A top Highland Council official has been quizzed as the result of a probe into the authority’s handling of a public artworks project costing hundreds of thousands of pounds.
Inverness area manager David Haas has been questioned at length by senior figures as part of an internal investigation into the Inverness Old Town Arts (Iota) scheme
Iota was instrumental in securing funds for controversial “streetscape” artworks in the city over several years.
Interviews by a senior officer appointed by the authority’s chief executive Steve Barron followed a council audit.
Mr Haas has declined to comment publicly, but privately, councillors have offered him total support.
Sources have said it would be “grossly unfair” if he were to “carry the can” for decisions ultimately signed-off by more senior colleagues.
Some of the findings of the audit will be made public at an imminent Inverness area committee meeting.
Details of Mr Haas’s role are unlikely to be made public for reasons of staff confidentiality.
The financial review covered Iota’s operations for the council between 2006-12.
According to several sources, the audit unearthed alleged weaknesses in the council’s governance of the spending.
Iota was at the centre of a row in 2012 over the city streetscape project.
At the time, city councillor Donnie Kerr accused the organisation of being a “quasi” council department.
He objected to colleagues’ approval of a £250,000 contribution from the Inverness common good fund to pay for riverside art.
A spokeswoman for the council has confirmed that the internal audit was discussed in private at September’s audit and scrutiny committee.
“A further report will be presented, in public, to a future meeting of the city committee which will refer to the internal audit report,” she said.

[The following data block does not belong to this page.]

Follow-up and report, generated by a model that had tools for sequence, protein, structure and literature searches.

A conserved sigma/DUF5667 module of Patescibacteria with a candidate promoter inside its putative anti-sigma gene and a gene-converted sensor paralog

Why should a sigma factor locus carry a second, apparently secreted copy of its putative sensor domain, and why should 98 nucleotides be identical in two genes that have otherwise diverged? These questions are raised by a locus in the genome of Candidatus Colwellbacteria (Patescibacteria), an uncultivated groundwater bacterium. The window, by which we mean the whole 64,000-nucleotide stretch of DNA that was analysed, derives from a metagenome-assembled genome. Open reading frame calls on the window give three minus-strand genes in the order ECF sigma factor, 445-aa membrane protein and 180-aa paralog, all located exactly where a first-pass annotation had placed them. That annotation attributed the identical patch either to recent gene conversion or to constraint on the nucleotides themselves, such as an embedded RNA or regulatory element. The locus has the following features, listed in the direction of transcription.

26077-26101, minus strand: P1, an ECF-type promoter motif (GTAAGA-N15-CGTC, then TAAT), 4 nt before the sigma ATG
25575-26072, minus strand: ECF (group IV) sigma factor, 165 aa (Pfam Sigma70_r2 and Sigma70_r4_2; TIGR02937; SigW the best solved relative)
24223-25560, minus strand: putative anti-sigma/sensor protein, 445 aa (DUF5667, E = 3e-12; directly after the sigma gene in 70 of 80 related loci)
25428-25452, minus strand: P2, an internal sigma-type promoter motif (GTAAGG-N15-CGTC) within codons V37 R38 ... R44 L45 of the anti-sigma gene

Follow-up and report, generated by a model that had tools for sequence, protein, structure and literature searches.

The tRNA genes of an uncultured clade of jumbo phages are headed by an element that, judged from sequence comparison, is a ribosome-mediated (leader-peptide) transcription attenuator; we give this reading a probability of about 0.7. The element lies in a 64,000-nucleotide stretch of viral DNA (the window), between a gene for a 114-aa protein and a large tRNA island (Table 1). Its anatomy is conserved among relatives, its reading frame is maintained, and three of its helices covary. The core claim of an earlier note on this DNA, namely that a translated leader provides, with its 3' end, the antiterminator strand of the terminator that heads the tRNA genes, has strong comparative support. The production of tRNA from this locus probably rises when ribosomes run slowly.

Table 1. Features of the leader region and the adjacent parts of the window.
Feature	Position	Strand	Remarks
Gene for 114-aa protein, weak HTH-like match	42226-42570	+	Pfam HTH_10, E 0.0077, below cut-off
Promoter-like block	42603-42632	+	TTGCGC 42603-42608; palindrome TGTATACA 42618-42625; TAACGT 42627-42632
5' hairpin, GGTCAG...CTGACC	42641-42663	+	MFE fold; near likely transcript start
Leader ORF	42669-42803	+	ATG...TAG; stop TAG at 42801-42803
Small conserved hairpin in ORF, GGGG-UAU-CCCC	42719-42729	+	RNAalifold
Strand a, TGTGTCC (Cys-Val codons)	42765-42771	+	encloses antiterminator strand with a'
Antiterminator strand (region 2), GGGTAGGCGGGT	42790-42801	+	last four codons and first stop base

Iota has not had an input into the inquiry because it has not had sight of the confidential audit report.
No one from Iota could be contacted.
Thomas Prag, a councillor member of the Iota advisory committee which considered the merits of proposed artworks, refused to discuss the audit inquiry, but said: “My concern is that public art is tainted.
“This is nothing to do with the value or quality of the work that’s been done, which is highly regarded by most of Scotland and beyond. The governance is a separate issue and a matter for the council.
“At the end of the day, we gathered in £750,000 of funding, a large chunk from (government agency) Creative Scotland, who have been involved every step of the way and are still on board – and the projects are being delivered.”
Ken Gowans, chairman of the Inverness City Arts working group which now oversees the projects, said: “There were well documented concerns regarding the council’s governance and transparency of the way art projects had been managed in the past which brought about the formation of IC Arts.
“We are now delivering £750,000 worth of investment – including £305,000 from Creative Scotland – to provide a series of artworks under the banner of ‘River Connections’, installations which will be placed along the riverside to enhance the floodworks in due course.”